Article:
Historical sites in Montego Bay
The city of Montego Bay, apart from being acclaimed the tourist capital of Jamaica, also features some of the country's culturally rich heritage sites and monuments.
These structures fall under the jurisdiction of the Jamaica National Heritage Trust and include, among other things, forts and churches dating back in the 1700s.
Sam Sharpe Square itself, boasts several heritage structures with unique characteristics and are of special interests to not only locals, but to visitors who flock to Jamaica year-round.
Among the diverse historical attractions that can be found within the heart of the city are the Sam Sharpe Monument, which depicts the national hero preaching to three seated slaves; The Cage - once used to jail vagabonds, drunks and vagrants overnight; and the Montego Bay Cultural Centre (formerly the Civic Centre).
The cultural centre is a reconstructed version of the 1803 courthouse that was gutted by fire in 1968; and the iconic water fountain, situated in the middle of the square, was donated by banana baron, Captain J. Kerr.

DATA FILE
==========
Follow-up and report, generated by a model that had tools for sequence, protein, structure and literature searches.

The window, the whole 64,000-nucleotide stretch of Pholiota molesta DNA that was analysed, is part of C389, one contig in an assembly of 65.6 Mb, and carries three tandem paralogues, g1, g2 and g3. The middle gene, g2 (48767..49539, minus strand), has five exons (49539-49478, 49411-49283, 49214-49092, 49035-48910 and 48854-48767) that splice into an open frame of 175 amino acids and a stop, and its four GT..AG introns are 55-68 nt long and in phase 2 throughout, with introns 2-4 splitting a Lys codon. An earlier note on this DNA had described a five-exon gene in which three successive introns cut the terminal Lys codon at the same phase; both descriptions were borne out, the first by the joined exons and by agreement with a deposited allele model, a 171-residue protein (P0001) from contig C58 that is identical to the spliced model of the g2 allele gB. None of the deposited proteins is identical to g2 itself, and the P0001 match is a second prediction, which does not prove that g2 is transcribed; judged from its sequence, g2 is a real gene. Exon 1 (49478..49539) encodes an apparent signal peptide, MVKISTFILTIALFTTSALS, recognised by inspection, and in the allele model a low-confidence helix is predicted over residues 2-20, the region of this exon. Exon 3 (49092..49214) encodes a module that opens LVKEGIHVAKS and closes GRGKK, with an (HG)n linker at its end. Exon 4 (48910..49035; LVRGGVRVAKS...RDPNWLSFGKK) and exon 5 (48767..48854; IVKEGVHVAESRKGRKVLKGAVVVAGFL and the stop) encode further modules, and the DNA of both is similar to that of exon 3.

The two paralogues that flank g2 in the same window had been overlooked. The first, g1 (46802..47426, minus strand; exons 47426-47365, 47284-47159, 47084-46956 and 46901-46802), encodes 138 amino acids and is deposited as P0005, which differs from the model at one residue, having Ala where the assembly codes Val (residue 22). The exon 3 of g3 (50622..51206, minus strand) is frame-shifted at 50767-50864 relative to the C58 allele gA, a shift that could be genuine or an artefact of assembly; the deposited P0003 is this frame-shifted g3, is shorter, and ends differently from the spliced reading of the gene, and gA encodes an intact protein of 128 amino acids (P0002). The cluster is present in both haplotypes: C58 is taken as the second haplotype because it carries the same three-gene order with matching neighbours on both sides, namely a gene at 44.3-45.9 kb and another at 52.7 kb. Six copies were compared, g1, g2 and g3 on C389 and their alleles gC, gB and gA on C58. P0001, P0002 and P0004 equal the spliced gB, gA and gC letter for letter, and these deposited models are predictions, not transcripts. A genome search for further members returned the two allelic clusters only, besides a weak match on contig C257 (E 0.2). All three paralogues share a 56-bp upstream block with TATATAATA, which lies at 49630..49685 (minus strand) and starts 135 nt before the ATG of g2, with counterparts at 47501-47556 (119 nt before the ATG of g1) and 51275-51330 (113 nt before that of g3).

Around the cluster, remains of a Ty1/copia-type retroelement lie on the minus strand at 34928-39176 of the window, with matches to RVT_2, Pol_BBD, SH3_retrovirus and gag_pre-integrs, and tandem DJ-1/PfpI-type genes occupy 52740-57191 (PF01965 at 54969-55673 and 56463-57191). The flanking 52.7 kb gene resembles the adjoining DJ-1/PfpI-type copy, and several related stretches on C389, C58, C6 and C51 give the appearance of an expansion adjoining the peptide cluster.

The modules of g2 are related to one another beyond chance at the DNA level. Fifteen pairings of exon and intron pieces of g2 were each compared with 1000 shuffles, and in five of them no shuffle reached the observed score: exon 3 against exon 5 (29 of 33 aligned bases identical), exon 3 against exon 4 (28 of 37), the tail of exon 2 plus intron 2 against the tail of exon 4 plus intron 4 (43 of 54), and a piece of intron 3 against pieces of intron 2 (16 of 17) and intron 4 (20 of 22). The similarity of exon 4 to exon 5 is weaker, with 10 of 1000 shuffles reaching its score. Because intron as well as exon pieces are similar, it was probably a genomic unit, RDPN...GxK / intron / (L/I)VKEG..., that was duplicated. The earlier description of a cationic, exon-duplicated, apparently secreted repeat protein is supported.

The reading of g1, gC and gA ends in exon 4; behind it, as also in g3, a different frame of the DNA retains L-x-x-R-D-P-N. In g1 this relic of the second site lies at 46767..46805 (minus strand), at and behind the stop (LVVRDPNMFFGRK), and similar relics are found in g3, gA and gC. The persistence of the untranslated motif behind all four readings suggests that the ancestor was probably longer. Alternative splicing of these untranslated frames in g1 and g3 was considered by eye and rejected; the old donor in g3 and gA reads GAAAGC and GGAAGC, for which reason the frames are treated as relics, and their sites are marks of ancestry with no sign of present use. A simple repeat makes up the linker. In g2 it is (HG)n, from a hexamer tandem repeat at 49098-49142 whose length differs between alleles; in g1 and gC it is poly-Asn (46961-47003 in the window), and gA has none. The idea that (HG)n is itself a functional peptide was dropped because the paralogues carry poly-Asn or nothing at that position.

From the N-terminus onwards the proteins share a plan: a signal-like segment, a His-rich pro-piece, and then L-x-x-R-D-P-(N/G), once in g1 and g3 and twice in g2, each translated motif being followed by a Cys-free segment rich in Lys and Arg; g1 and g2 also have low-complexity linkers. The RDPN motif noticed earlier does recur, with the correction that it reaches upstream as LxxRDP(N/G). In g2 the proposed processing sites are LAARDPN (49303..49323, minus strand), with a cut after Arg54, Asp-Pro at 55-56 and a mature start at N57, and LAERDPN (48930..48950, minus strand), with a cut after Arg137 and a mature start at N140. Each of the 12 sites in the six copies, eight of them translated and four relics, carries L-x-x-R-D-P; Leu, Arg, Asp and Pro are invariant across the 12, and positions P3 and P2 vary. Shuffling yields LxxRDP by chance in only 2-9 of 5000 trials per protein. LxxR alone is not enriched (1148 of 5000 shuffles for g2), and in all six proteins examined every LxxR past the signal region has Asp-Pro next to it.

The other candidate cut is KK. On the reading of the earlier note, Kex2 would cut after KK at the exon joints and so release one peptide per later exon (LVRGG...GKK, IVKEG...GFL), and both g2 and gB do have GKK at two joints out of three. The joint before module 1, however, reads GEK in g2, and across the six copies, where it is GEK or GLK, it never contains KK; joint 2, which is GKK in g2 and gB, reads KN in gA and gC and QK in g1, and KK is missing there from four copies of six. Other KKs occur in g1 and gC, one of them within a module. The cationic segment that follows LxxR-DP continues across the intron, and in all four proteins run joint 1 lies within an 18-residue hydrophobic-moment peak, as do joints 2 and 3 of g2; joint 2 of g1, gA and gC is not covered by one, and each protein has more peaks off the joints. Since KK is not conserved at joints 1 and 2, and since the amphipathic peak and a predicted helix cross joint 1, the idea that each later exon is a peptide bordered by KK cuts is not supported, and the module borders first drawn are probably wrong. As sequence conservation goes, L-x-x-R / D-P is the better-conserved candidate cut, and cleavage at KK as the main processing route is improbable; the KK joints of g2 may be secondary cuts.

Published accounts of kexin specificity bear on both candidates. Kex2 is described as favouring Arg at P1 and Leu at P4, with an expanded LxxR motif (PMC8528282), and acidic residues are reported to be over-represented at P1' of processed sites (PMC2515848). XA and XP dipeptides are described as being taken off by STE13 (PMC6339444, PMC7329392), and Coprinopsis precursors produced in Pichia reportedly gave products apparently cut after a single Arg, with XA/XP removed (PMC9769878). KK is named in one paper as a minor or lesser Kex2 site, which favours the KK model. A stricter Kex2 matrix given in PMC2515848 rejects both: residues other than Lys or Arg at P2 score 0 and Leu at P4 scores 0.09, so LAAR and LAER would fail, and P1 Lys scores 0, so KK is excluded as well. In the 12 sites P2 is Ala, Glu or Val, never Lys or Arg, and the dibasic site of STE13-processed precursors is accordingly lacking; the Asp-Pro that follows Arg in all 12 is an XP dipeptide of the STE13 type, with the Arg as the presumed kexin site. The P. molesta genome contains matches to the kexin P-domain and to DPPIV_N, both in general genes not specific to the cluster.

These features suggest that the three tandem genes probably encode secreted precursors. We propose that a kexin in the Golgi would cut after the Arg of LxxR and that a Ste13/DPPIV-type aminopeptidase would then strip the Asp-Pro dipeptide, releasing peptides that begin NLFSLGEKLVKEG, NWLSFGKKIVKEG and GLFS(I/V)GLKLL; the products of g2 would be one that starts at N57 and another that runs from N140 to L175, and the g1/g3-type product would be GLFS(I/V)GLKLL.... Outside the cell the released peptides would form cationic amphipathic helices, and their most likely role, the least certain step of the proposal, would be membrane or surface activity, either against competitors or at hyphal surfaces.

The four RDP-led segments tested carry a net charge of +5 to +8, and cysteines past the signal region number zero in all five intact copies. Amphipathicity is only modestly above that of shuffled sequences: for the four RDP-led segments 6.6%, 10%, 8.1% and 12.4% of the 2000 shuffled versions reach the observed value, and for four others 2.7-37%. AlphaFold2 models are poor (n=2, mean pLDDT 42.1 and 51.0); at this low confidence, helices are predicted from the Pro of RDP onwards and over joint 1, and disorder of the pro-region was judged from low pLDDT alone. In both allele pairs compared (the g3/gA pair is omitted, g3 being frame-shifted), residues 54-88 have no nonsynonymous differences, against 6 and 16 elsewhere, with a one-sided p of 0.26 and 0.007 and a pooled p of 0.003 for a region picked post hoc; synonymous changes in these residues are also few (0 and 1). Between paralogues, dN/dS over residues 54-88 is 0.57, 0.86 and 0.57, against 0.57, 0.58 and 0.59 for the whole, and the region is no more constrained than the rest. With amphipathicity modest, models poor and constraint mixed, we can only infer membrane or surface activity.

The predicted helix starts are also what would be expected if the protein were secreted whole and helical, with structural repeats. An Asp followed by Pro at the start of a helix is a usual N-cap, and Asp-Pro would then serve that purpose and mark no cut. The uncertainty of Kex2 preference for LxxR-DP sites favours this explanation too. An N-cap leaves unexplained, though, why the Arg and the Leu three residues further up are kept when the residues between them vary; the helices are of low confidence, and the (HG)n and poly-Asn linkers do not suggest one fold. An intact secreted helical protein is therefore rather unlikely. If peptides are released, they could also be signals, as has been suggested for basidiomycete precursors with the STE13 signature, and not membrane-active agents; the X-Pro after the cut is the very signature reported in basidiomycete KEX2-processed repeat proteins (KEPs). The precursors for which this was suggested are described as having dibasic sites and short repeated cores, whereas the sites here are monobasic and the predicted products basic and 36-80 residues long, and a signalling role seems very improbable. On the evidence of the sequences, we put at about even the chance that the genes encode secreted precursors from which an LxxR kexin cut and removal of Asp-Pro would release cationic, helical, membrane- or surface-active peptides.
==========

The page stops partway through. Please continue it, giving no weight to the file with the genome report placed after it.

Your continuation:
St James features many other heritage sites which serve to inspire a sense of national pride. Among the notable ones are:
• Flagstaff - Site of a small Maroon community and features considerably in the Maroon Wars, which began in 1795.
- Salter's Hill Baptist Church - Voluntarily constructed by enslaved Africans in 1825.
- St James Parish Church - Built between 1775 and 1782.
- St Mary's Anglican Church - Situated on the Montpelier Estate, which dates back to the days of slavery.
- Fort Montego - It housed four 12-pounder guns and five smaller guns.
- Goodwill - Established after the abolition of slavery, and in 1840, it was still in its infancy.
- Greenwood Great House - Built in 1790 by The Barretts of Wimpole Street.
- Rose Hall Great House - Built in the mid-19th Century by George Ash for John Palmer, custos of St Thomas, for £30,000.
- Barnett Street Police Station - Dates back to the late 19th century, constructed of cut stone.